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Walker Canyon during a superbloom. Photo courtesy of Western Riverside County RCA, Facebook
2023 Note: Walker Canyon trails and viewpoints are closed to the public this year. There are no parking options and the I-15 off-ramp will be closed, in addition to the entire canyon.
If you head down the 15 toward Temecula, you'll notice a spot where people are slowing down to admire multitudes of California poppies in Lake Elsinore. Exit at Lake Street and then take the trail at the corner of Lake Street and Walker Canyon Road. The gravel trail is wide and goes for a few miles with great views of the blooms.
Don't want a long drive, or your party can't go hiking on dirt trails? Rancho Santa Ana Botanic Garden in Claremont bills itself as California's Native Garden. Native plantings are organized by the plant community; there is also a replica Tongva village and marked accessibility routes. Plants bloom as they do in the wild, just alongside trails that are easy for strollers and little legs. The gardens are closed on Mondays, and non-members are encouraged to purchase tickets online in advance. Call to find out the bloom status.
It's a bit of a drive, but Idyllwild Nature Center in the San Jacinto Mountains is another excellent place to view colorful wildflower blooms. This park is one of the more developed places to see the flowers bloom, with restrooms, picnic tables, and even a gift shop! There's a Wildflower Day at the park, usually held in late May. The Nature Center is open Wednesday through Sunday from 9am-4pm.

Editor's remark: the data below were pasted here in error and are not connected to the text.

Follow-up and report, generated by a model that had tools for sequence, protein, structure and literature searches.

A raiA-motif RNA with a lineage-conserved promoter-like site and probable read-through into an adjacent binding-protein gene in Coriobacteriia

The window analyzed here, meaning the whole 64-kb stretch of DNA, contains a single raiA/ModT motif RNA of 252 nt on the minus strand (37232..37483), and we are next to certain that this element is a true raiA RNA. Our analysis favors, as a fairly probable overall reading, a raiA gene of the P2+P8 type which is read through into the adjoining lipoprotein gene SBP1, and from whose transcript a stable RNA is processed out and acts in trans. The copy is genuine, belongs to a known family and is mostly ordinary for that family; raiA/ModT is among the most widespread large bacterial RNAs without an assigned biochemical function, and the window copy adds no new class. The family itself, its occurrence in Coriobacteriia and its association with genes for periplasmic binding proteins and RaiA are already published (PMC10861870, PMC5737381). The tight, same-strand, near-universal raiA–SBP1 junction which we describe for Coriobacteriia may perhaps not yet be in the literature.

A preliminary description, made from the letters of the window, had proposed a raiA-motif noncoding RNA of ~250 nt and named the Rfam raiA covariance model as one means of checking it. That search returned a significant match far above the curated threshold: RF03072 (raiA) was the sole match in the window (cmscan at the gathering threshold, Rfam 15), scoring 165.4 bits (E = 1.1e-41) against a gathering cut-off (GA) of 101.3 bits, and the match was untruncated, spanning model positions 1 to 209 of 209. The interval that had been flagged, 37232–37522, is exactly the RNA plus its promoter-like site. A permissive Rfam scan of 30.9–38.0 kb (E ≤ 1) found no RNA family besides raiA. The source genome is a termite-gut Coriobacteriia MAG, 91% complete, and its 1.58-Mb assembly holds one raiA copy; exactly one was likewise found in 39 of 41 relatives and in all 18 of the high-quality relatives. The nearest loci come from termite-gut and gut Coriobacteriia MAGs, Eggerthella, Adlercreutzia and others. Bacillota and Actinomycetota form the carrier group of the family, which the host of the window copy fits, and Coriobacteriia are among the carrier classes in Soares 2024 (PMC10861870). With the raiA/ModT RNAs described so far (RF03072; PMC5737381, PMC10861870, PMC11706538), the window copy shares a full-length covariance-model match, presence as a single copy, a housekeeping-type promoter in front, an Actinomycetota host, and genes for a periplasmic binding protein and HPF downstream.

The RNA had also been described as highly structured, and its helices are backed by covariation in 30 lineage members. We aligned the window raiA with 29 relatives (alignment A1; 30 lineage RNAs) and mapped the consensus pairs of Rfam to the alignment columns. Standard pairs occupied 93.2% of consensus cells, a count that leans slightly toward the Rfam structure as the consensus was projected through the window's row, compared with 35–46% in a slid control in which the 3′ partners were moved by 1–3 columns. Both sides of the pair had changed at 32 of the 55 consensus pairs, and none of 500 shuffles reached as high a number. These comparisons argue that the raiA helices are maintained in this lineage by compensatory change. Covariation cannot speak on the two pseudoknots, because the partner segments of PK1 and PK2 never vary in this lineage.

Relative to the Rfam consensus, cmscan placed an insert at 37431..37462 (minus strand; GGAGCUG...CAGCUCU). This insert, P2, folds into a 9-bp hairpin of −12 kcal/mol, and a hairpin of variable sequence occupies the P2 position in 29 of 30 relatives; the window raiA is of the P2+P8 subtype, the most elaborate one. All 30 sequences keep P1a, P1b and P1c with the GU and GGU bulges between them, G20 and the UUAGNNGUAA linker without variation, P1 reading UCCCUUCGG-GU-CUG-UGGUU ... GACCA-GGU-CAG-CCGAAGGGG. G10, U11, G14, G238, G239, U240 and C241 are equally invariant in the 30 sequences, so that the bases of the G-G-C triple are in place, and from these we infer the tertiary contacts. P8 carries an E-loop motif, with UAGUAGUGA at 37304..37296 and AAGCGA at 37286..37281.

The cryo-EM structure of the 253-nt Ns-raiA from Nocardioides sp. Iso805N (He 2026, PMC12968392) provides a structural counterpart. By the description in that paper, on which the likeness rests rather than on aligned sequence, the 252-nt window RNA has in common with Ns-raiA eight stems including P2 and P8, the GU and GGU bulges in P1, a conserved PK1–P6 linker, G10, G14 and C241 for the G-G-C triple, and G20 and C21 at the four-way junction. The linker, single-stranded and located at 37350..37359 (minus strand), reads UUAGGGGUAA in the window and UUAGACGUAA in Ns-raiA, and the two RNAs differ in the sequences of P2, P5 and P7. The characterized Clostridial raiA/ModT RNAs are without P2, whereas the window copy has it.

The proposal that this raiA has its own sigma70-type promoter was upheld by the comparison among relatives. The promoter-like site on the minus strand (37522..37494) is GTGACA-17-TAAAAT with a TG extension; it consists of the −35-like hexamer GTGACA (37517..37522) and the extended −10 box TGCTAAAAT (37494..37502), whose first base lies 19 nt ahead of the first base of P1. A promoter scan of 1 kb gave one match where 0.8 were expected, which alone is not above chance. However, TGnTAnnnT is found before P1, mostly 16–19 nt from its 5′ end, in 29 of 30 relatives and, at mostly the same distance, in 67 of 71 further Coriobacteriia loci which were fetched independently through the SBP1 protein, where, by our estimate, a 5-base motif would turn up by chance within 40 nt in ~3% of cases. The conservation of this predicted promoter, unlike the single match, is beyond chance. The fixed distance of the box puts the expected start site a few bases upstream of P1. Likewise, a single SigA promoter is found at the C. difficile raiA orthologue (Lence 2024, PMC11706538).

It's a bit of a drive for a day trip, but the wildflower fields at Carrizo Plain National Monument make for a great side-trek on a California road trip. Carrizo Plain is located between the 5 and 101 freeways—the fastest way to get there is to head west on 166 after you pass through the Grapevine. That route is about a three-hour drive from LA. However, if you're looking for a more scenic route, take the 101 all the way up past San Luis Obispo and head east on 58. Mid-March to mid-April is the best time to catch the blooms. Call the visitor's center at 805.475.2035 to confirm whether the flowers are blooming before making the drive.
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Over 50 acres of blooms await in Carlsbad. Photo courtesy of The Flower Fields in Carlsbad
For guaranteed gorgeous blooms for miles, even in a dry year, visit the famous Flower Fields in Carlsbad. Because the fields are cultivated and watered, they can dazzle even when nature has decided to play coy. With 50 acres of ranunculus flowers overlooking the Pacific Ocean, a sweet pea maze, poinsettia, and orchid displays, there are plenty of flowers to wander through.
Tired tots can also see the flowers from the back of an antique tractor, which provides tours of the fields, and before leaving, families can indulge in a little PYO action at the 2-acre u-pick blueberry patch. Advanced reservation tickets are required and are available online. The fields are open only from March through mid-May.
Is this stretching the definition of a wildflower? Perhaps. But we say that when you've got kids and a state prone to drought, sometimes you just want to know you can tiptoe through the flowers for some guaranteed gorgeousness and be home by bedtime.
Dorothy would love this field of poppies. Photo by Mommy Poppins
Post originally published March 26, 2014, and updated annually
Top photo by Bob Wick/Bureau of Land Management/CC BY 2.0